MediaArtHistories

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Mit Press, 2007 - Art - 475 pages
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Digital art has become a major contemporary art form, but it has yet to achieve acceptance from mainstream cultural institutions; it is rarely collected, and seldom included in the study of art history or other academic disciplines. In MediaArtHistories, leading scholars seek to change this. They take a wider view of media art, placing it against the backdrop of art history. Their essays demonstrate that today's media art cannot be understood by technological details alone; it cannot be understood without its history, and it must be understood in proximity to other disciplines--film, cultural and media studies, computer science, philosophy, and sciences dealing with images.Contributors trace the evolution of digital art, from thirteenth-century Islamic mechanical devices and eighteenth-century phantasmagoria, magic lanterns, and other multimedia illusions, to Marcel Duchamp's inventions and 1960s kinetic and op art. They reexamine and redefine key media art theory terms--machine, media, exhibition--and consider the blurred dividing lines between art products and consumer products and between art images and science images. Finally, MediaArtHistories offers an approach for an interdisciplinary, expanded image science, which needs the "trained eye" of art history.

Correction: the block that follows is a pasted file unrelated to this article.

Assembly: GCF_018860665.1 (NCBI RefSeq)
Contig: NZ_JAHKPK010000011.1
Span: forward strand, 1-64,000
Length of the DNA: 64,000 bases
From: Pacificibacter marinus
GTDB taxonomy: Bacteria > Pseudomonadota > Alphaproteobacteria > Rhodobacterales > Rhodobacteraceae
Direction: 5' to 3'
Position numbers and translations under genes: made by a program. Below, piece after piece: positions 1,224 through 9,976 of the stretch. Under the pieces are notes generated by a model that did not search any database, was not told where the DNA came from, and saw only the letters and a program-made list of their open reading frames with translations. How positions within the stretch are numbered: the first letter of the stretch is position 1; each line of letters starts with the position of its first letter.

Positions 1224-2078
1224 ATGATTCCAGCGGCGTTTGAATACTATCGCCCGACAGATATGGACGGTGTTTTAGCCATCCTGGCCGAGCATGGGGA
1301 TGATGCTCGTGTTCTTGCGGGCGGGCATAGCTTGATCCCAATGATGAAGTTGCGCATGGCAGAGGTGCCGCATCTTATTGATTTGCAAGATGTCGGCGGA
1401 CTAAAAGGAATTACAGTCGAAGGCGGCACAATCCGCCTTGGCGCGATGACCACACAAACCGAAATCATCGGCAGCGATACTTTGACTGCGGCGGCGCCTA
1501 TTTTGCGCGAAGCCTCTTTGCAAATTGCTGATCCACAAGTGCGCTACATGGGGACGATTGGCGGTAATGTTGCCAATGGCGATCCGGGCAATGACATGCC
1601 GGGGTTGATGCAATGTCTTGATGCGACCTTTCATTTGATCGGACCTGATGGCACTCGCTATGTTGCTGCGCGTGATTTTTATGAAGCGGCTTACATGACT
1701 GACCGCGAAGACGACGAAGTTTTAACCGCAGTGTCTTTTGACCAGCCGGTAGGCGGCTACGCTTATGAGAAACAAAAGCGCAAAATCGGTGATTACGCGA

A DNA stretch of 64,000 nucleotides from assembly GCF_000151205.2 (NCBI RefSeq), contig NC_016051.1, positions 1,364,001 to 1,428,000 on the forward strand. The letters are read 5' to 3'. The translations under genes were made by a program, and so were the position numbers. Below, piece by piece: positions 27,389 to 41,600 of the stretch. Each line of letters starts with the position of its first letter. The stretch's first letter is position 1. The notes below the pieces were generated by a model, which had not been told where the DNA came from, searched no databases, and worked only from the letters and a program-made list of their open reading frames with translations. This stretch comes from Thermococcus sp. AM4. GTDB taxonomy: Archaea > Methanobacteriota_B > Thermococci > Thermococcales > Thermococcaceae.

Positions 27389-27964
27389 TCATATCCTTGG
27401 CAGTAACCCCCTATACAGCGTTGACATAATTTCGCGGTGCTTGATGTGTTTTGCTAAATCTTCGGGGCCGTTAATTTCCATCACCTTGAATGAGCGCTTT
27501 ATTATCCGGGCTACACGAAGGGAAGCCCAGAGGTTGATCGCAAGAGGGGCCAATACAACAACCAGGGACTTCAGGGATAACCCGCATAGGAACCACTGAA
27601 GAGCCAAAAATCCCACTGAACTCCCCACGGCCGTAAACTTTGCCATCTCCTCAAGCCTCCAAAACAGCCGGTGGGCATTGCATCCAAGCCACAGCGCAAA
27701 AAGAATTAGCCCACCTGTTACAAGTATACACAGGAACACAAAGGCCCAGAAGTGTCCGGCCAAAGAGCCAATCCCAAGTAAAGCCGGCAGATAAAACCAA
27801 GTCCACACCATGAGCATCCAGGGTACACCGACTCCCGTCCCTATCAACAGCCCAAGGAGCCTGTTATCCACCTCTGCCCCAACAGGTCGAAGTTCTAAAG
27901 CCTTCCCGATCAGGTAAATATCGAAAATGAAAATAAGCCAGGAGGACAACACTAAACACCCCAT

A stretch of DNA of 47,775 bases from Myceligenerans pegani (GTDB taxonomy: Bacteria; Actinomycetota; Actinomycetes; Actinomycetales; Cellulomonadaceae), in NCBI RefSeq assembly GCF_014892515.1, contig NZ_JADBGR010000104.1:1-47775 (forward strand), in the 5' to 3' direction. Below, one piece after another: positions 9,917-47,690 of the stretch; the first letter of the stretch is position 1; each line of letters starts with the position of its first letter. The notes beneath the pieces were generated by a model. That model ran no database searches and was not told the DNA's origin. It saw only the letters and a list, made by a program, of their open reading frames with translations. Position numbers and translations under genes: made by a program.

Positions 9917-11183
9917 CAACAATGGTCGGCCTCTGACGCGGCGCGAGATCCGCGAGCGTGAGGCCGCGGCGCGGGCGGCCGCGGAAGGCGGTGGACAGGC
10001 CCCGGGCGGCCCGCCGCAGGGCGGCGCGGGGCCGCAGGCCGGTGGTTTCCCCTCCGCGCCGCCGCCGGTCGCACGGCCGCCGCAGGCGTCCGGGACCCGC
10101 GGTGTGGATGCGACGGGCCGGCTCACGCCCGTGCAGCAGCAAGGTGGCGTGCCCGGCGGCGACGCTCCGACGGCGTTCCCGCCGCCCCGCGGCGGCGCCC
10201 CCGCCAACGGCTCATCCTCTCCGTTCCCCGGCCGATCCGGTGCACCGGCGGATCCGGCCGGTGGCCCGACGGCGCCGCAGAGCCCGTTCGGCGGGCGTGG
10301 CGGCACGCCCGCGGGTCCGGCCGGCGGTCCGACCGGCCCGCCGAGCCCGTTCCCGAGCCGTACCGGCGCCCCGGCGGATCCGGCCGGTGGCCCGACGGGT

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Contents

SERIES FOREWORD
Image Science 381
THE COMING AND GOING OF IMAGES 15
Copyright

15 other sections not shown

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About the author (2007)

Timothy LENOIR is the Kimberly Jenkins Chair for New Technologies and Society at Duke University. He has published several books and articles on the history of biomedical science from the nineteenth century to the present, and is currently engaged in an investigation of the introduction of computers into biomedical research from the early 1960s to the present.

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